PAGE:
buildings, topiaries and flower baskets, is a model railway
station in every sense of the word. It has to be. After all,
the king's royal carriage has pulled in on more than a few
occasions and there is always the hope it might do so again.
There is even a personal royal waiting room on the platform.
Similar in some respects to a Thai temple, and lined with red
carpet, it stands a short distance from the public waiting
room, locked and awaiting His Majesty's next visit.
• Arriving in Hua Hin by train, it's entirely possible to
navigate your way with ease to wherever it is you're staying.
Even the geographically challenged will have no need to
rotate their street map. That's because Hua Hin is neatly
sandwiched, in a linear fashion, between the railway line and
the sea. As well as the golf courses and driving ranges, foot
massages, fish-spas, cut-price cosmetic and dental surgeries,
cheap opticians' outlets and beach hawkers, Hua Hin is as
authentic as any other town you'll find in Thailand. If it
wasn't, I might never have encountered the beetle paste, as
purple as a Thai peanut boiled in its shell, which I
inadvertently tasted at Chatchai Market.
Chatchai is the local fresh produce hall in the middle of
town. It opens at 6am and runs through until midday, by which
stage the street vendors have set up outside to provide you
with lunch. The beetle paste is just one of a whole range of
spicy, colourful condiments that you'll find heaped into
mounds on the counters of the Chatchai stalls. Thank goodness
for the sticky rice and mango that I also discovered there.
It was so overwhelmingly delicious that it pretty much
compensated for the earlier experience.
Even if you're staying in one of the many mid- to
budget-range guesthouses a few streets back from the beach, a
visit to the Hilton is a must. Without as much as being asked
to buy a cocktail, you can sit in the lobby in the evening
and listen to gentle live music played on traditional Thai
Evening is also a good time to eat from one of the dozens of
street vendors' carts. Try pad Thai, wing-bean salad (yum tua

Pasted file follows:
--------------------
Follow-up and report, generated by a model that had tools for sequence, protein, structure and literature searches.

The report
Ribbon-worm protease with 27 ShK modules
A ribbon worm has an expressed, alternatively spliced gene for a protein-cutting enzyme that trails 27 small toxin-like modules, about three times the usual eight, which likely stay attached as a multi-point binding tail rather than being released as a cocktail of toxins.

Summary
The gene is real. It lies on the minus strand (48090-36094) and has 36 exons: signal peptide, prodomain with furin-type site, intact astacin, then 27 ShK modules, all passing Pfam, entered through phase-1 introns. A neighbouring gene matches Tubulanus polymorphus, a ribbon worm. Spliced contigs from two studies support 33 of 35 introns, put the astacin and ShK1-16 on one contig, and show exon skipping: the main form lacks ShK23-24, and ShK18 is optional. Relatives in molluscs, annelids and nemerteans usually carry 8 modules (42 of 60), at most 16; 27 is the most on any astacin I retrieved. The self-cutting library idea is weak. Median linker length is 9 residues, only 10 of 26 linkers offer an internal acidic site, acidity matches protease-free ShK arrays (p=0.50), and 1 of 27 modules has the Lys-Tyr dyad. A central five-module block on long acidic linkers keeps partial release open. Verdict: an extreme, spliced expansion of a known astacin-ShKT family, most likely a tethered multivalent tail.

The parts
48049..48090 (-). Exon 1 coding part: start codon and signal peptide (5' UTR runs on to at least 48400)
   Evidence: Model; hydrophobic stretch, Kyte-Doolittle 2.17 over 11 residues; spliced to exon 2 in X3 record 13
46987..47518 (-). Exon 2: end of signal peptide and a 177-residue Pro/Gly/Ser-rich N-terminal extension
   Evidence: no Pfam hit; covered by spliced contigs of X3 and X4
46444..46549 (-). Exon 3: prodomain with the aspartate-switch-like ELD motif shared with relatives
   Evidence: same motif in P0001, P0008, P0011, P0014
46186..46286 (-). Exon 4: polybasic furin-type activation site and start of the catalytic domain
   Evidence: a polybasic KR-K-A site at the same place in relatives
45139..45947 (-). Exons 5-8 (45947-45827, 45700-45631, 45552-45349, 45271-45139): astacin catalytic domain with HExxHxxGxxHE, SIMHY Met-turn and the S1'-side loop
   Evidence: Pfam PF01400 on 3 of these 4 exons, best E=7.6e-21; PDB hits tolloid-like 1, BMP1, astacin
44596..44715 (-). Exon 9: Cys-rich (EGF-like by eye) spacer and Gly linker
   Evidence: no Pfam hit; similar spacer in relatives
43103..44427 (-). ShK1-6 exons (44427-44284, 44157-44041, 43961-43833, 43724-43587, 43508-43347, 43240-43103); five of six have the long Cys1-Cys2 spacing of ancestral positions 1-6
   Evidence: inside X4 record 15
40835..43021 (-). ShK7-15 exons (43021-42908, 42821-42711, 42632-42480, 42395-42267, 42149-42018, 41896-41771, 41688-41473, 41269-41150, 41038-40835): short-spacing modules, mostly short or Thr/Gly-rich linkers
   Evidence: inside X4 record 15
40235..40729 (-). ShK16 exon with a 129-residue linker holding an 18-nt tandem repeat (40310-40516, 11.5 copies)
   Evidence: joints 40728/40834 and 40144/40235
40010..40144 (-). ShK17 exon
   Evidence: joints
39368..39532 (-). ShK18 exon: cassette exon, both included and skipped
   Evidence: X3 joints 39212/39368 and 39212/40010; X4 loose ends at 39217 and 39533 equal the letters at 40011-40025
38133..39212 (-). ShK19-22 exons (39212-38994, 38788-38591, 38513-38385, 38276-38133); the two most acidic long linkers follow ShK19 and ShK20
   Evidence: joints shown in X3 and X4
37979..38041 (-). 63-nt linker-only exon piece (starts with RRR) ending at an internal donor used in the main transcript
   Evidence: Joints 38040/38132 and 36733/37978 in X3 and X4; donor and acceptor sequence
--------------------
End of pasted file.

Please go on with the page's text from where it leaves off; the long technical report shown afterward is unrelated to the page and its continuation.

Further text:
pu), or spicy pak boong fai deng - stir-fried morning glory
(weed-conscious gardeners will never look at convolvulus in
quite the same way again). For a few more baht, you'll find a
slightly more upmarket restaurant overlooking the sea. Order
anything that mentions basil. It's a Thai speciality you'll
want to sample more than once. Complement it with a crispy
green mango salad and wash the lot down with a glass of
refreshing lemon-nam - iced lemon syrup with soda water.
Perhaps the best thing about eating out by the water at night
is the flotilla of battleships festooned in fairy lights and
anchored a short distance offshore. The story goes that when
democracy was rearing its ugly head, and His Majesty's
predecessor was being ''encouraged'' to accept a less
authoritarian role than he had previously enjoyed, a
battleship was sent down from Bangkok as a persuasive
reminder that power was soon to be in the hands of his
people. The then king having acquiesced, nothing untoward
occurred, and the ships now anchored in the gulf are simply
stationed as a reassurance to the present king that when the
royal family is in residence, their protection is assured.
It's been a friendly visit and I'd have to say that, during
my time here, I almost feel as though I've rubbed shoulders
At a glance
When to go
Head to Hua Hin between November and April when the heat is
likely to be less intense.
Where to eat
Vegetarian delights await you at the tiny Buddhist-run cafe
on the southeast corner of Sra-song Rd and Soy (street) 72,
directly opposite the Krung Thai Bank. Be sure to try the
marinated boiled egg and tofu stew.
Baan-Itsara, beside the water at 7 Naeb Kehat Rd, specialises
in seafood. Their Thai basil and mussel main is a must.
The Mekong, on Soy Paetchakasem, is a Vietnamese and Thai
restaurant. Be sure to ask for yum tua pu (wing-bean salad).
Where to stay
Mid-range to budget guest houses are so plentiful that you
can almost guarantee a bed without booking. For something
truly up-market go no further than the Asara Hotel Resort at
the north end of town. It's a peaceful beach-side oasis of
tropical vegetation, cool pools, private villas, and cool
suites. If you're thinking of a longer-term stay, Google Palm
Pavilion rental condos. Right next to the Asara, the
self-service condos in this high-rise apartment block beside
the sea come with infinity pools, attractive grounds, and
glorious views along the beach.